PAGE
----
common. Logic

The future of education is already here, it’s just indistinguishable from magic

It has been a while since my last post. It delved into the topic of education and the ownership of learning, and now, five years later, the subject remains pertinent and has motivated me to return to writing. Reflecting on the fact that educational systems continue to fail students, it seems that every 4-5 years, I find myself revisiting the subject of learning, though from different angles. Despite this, it appears that fundamental issues persist and outdated mindsets continue to prevail.

The spark for this writing came from the recent release of ChatGPT and the decision by some educational institutions to reject what could potentially be a powerful tool. I will not delve into the ethical considerations surrounding the use of such technology, as the morality of a tool is ultimately determined by the user. But I believe it’s worth exploring various potential applications and institutional reactions through a multi-variable testing approach, akin to A/B testing, but with a greater number of variables, not morality police or outright banning.

Are the actual threats worth banning for or should educational institutions be the drivers of specific use cases for this type of technology such as: student usage for educational activities (research, tasks, homework, projects), customizing learning paths, automating the tutoring process, and providing language translation and accessibility features for students with special needs might? Should institutions focus on how to mitigate the dependence on technology which may lead to lack of critical thinking and problem-solving skills then outright banning it? Should…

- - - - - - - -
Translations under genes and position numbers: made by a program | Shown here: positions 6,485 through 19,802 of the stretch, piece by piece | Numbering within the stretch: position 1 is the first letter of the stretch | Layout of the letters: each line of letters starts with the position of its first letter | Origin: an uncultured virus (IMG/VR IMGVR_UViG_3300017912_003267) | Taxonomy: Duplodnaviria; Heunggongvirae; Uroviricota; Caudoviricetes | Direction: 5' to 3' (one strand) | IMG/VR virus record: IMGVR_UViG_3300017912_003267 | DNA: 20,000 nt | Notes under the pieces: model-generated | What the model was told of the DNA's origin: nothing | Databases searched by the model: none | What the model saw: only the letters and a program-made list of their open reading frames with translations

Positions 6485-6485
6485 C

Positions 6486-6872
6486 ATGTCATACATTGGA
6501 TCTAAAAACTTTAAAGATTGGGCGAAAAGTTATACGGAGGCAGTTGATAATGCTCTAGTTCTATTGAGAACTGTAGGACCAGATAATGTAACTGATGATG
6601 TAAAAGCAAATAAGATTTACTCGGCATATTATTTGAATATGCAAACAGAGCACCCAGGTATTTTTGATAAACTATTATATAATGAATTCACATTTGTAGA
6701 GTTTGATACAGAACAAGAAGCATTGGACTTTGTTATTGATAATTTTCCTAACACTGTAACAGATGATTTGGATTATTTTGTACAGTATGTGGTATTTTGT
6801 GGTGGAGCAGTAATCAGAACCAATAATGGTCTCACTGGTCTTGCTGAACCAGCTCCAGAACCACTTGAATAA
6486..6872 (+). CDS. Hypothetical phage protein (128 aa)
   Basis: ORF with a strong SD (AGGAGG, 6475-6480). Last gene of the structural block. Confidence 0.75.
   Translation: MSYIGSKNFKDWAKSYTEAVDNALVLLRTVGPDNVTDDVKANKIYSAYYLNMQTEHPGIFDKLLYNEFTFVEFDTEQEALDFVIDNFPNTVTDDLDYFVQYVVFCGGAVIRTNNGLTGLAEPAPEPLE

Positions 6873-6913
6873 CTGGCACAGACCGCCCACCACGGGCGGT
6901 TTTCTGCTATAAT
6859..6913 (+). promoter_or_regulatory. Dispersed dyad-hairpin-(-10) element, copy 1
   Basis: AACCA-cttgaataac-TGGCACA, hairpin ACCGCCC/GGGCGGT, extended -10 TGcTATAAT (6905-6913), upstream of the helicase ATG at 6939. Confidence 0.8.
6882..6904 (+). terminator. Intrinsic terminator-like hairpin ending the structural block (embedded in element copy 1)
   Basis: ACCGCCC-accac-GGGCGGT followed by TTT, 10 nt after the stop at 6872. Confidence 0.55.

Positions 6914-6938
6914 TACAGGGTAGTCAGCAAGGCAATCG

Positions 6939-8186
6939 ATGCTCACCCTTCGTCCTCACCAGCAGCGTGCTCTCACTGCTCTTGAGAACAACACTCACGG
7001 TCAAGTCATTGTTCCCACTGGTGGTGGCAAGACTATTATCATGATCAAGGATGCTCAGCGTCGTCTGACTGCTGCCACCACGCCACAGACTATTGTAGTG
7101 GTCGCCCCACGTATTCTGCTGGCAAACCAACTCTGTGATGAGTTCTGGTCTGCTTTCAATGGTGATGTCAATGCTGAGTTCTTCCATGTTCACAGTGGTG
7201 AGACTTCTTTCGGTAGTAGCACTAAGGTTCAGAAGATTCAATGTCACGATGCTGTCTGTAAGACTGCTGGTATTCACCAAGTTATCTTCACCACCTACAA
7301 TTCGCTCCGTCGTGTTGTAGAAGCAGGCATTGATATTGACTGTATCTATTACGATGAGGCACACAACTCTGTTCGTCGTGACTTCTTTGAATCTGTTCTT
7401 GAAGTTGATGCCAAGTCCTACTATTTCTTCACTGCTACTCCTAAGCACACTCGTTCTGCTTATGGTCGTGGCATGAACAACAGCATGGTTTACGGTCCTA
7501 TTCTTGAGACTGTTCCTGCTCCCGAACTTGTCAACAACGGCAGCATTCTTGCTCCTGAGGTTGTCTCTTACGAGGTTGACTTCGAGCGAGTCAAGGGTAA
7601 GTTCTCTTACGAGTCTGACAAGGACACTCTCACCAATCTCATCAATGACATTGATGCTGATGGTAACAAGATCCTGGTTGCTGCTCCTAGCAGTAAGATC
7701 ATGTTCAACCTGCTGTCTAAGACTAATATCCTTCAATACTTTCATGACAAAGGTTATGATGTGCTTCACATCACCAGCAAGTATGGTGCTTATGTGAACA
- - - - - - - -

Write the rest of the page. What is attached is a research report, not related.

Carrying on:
At this point the author realized he had a choice: either keep it brief and get straight to the point, or start working on a novel. Guess we’re sticking with the short and sweet option!

If we take a step back and think about the problem at its core, we’ll see that there’s more to it than that… or less, depending if you’re first principles thinking. For example, consider a task assigned to a group of students that employed one of the latest publicly available software tools to solve the assignment. Where’s the cheating in that? Did the first printers cheat? Did Alexander Graham Bell cheat by not using pigeons? Did DeepMind cheat when it used AlphaFold to solve protein folding? It’s ironic that the institutions meant to teach our next generations how to solve problems optimally are banning the use of what could be a disruptive tool.

This type of thinking is short-sighted and fails to take into account the potential benefits that ChatGPT and other similar technologies can bring to education. By focusing solely on the potential for cheating, institutions are missing out on the opportunities to improve and enhance the learning experience for students.